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DR Congo: A complex web of humanitarian needs

01 May 2020

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In early March, the Democratic Republic of the Congo joined a long list of countries facing COVID-19. This new public health crisis comes on top of an already large, complex and prolonged humanitarian crisis that risks being forgotten. It is critical to maintain attention and funding to meet the essential needs identified in the 2020 Humanitarian Response Plan (HRP) to save lives. A deterioration in the broader humanitarian situation would also have a catastrophic impact on the country’s ability to address COVID-19. Here are some key facts about the humanitarian crisis and response in the DRC.
 

Home to the second highest absolute number of severely food insecure people in the world: It is estimated that 15.6 million are severely food insecure, of which some 4.7 million suffer from acute malnutrition. In the Kasai region, joint Government-World Food Programme statistics indicated that as many as 85 per cent of displaced communities and those who had returned to their homes in recent months were suffering from malnutrition. In the DRC, food insecurity and malnutrition are the consequences of a complex web of factors, including insecurity, abandoning fields and lack of economic opportunities. Half of this year’s Humanitarian Response Plan budget is linked to food security and nutrition.


Photo: OCHA/ I.Brandau

The largest number of internally displaced people in Africa: On any given week, some people are forced to leave their homes, fleeing insecurity and armed violence. It is estimated that some 5.5 million people are currently displaced in the country, making it DRC one of the countries most affected by internal displacement worldwide. Displacement disrupts the lives of families, from parents who can no longer earn an income to children who are forced to miss out on school. While humanitarian actors try to address the consequences of displacement, tackling the root causes- restoring peace and security- remains the only lasting solution.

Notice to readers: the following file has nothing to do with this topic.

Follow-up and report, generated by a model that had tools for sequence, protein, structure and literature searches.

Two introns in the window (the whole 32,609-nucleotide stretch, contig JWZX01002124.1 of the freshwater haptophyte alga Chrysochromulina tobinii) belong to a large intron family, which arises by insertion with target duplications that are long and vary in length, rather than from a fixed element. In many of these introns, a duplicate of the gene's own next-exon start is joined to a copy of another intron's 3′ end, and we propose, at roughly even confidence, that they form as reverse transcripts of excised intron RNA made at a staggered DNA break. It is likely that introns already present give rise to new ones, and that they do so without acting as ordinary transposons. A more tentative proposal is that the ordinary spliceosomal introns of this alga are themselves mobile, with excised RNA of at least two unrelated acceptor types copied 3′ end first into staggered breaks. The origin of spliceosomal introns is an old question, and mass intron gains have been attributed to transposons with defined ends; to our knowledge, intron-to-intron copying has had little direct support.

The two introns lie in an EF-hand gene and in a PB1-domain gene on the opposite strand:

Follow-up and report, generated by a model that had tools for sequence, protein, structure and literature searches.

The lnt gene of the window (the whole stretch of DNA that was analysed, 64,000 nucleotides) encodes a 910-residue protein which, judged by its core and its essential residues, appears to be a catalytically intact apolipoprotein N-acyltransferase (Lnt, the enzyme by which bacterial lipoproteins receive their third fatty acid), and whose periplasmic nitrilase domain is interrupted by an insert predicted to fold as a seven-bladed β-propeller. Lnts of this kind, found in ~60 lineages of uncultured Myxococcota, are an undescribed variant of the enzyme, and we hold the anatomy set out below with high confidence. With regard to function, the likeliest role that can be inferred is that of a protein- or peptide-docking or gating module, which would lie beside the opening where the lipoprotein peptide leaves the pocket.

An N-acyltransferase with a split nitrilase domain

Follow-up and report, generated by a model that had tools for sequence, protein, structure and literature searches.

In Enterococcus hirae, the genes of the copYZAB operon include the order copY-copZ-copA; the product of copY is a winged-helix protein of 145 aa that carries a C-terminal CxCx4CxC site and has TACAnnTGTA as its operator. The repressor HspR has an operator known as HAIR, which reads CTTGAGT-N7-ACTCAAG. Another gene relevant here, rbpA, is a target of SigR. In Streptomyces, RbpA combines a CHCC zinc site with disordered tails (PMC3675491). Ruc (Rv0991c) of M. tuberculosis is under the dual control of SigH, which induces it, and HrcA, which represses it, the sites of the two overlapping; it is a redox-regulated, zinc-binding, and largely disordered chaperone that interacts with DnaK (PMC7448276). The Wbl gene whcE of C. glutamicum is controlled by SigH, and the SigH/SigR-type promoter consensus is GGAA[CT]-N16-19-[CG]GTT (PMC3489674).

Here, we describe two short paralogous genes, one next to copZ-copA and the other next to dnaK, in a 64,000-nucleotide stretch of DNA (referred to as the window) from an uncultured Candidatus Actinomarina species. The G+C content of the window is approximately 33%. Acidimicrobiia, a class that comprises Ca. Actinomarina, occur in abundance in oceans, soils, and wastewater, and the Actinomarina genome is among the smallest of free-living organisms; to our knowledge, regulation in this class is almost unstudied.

Photo: OCHA/ I. Brandau

Fighting the deadliest and longest measles outbreak in its history. Since January 2019, measles, a contagious disease, has already killed over 6,600 people, the vast majority children. In a race to end the epidemic, Congolese health authorities and international partners have vaccinated over 24 million children aged between 6 and 59 months, but millions more are still to be vaccinated.

Photo: OCHA/ A. Ndiaye

At the same time, the country is facing its longest Ebola outbreak. Since June 2018, multi-disciplinary teams have been battling the country’s tenth and deadliest outbreak of Ebola. Hopes of declaring an end to the epidemic by mid-April were crushed in early April when several new cases were discovered in the area of Beni, North Kivu Province.

Photo: UN/M. Perret

Thousands of families cut off from aid: Poor roads — that become impassable during the rainy season- and persisting insecurity in some areas have meant that thousands of people have not received any aid. In South Kivu Province for instance, some 400,000 people are estimated to have been cut off from aid since late 2019 in the areas of Bijombo, Fizi and Itombwe. Women, children and the elderly have paid a heavy price in terms of health, access to food, and protection.

Photo: OCHA/ A. Ndiaye​​​​​​​

At the beginning of 2020, US$ 1.82 billion was needed to provide lifesaving assistance to 8.1 million people: On 28 February, in Kinshasa, the Congolese government and the humanitarian community appealed for $1.82 billion for aid, reflecting the prolonged and complex humanitarian crisis that has disrupted millions of lives and the country’s development. Amidst global attention on the COVID-19 pandemic, the international community and donors must not overlook the country’s broader acute humanitarian needs.

Photo: OCHA/ A. Ndiaye​​​​​​​

Originally posted on Medium by OCHADRCongo